Senior services program leaving state
By Brent Curtis
STAFF WRITER | January 12,2013
A program that helps seniors in Rutland and Chittenden counties maintain their independence will close this spring.
Five years after opening offices in Colchester and Rutland, PACE Vermont announced Friday it will close its offices and leave the state by March 31.
The program, whose name stands for the Program of All-inclusive Care for the Elderly, has provided medical and supportive care for seniors with chronic needs in other states for decades.
But the nonprofit program, which receives state and federal funds, didn’t begin providing services in Vermont until 2007 when offices opened in Rutland City and Colchester, according to Wayne Olson, senior vice president of Volunteers of America, the Minnesota-based company that oversees PACE Vermont.
During its operations in Vermont, PACE has served roughly 350 seniors with nursing care requirements, including a current caseload of 75 clients in Rutland and 60 in Colchester.
While the numbers served may seem significant, Olson said the company needed many more clients to achieve financial stability in Vermont.
“Throughout our history we’ve had challenges with enrollment increases,” he said. “There hasn’t been a point in our history when we were in balance. We always had more expenses and liability than reimbursements.”
Olson added, “Eventually, the expenses were too high. The decision was reached a week ago that we would have to close.”
That decision started a series of conversations with the organization’s clients and other senior care providers in Chittenden and Rutland counties to arrange for transitions to other programs.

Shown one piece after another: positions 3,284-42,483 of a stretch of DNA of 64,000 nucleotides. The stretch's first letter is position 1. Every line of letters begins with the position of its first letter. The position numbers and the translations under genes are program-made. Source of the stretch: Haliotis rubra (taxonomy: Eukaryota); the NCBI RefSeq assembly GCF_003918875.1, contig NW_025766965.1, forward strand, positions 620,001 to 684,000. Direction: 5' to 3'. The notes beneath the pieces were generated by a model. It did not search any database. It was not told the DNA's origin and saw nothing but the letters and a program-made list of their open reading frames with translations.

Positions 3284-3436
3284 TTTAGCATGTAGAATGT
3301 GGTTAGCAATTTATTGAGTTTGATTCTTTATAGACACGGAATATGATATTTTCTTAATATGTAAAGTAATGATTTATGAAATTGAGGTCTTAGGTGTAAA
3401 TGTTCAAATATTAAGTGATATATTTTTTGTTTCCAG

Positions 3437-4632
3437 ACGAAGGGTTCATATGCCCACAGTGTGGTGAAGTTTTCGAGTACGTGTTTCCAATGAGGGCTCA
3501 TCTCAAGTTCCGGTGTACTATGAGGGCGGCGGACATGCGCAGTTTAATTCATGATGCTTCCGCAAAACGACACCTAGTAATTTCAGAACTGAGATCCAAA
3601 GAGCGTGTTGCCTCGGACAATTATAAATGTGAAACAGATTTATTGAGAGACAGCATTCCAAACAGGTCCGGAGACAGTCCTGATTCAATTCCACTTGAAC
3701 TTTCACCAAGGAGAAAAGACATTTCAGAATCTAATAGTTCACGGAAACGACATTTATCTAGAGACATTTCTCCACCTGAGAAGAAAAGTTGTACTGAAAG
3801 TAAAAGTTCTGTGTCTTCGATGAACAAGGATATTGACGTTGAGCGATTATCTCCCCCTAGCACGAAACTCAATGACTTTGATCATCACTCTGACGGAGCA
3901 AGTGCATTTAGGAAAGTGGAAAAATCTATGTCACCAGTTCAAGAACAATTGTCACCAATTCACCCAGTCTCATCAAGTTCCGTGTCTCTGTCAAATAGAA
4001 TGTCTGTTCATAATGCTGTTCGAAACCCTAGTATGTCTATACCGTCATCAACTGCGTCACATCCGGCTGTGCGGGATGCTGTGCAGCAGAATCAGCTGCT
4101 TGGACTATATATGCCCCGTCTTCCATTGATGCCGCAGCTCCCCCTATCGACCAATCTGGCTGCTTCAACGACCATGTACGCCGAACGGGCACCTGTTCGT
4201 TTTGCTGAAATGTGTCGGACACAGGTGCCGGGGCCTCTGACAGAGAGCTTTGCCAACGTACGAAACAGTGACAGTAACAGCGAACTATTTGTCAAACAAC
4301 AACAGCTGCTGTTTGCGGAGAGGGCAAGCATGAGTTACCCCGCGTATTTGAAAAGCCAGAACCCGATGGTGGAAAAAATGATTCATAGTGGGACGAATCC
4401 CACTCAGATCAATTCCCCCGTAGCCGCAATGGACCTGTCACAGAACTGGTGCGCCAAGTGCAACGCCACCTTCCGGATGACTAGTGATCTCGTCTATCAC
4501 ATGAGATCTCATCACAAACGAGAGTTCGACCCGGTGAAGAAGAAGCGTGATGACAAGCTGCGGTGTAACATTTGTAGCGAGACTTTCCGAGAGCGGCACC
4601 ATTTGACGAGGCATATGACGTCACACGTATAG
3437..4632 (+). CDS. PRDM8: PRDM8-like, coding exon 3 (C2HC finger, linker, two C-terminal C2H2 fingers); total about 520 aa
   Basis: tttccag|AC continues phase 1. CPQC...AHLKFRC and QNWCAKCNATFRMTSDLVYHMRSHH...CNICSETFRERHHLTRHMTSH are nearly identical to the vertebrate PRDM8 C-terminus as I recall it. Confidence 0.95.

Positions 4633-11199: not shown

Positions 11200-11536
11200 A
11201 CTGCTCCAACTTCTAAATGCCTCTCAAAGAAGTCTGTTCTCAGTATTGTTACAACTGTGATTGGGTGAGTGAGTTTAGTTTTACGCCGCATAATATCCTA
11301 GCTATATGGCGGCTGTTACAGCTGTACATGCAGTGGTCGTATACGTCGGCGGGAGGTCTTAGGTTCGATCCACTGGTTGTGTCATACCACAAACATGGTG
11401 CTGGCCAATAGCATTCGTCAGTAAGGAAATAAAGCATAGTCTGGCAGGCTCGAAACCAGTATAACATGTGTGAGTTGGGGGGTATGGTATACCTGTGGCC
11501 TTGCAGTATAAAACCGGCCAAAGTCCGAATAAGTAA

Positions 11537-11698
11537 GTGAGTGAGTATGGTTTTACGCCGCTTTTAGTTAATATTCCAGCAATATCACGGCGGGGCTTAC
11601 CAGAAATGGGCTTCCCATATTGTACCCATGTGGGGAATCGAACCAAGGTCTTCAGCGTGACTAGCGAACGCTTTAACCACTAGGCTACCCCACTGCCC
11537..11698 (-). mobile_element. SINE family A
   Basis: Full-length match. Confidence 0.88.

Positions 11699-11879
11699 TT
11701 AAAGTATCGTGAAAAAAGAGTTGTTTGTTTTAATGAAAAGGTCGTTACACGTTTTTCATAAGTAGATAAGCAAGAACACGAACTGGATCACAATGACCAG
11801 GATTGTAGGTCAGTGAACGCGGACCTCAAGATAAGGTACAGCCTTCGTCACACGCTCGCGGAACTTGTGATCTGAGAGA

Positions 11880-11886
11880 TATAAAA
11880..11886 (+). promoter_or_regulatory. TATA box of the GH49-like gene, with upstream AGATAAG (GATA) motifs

In Chittenden County, PACE clients in need of case management are being referred to the Champlain Valley Agency on Aging while in Rutland those same clients are being instructed to call the Southwestern Council on Aging.
Rutland Area Visiting Nurse Association & Hospice is also preparing to help seniors who will be phased out of PACE during the next 2½ months.
“RAVNAH is already stepping in to help with patients,” said RAVNAH spokeswoman Laura Vien. “Anytime an organization or service that extends services to a vulnerable population closes, it’s a loss.”
Olson said the closing will also leave 85 nurses, dietitians, drivers and other support staff employed by PACE without jobs — although he said he hoped many of the company’s employees wouldn’t be out of work for long.
“We’re anticipating that some of our staff will be hired by the other agencies who will absorb our clients,” he said.
Olson said he had no doubt that other senior support services would be able to add those receiving help from PACE. In fact, he said that competition with those other services, which had been caring for Vermont’s senior population long before PACE arrived, was a major factor in his organization’s struggles.
“We believe there’s enough services here to provide a safety net, certainly,” Olson said. “The closing was a very difficult decision to reach but it wasn’t a sudden decision. We came to it cumulatively over time.”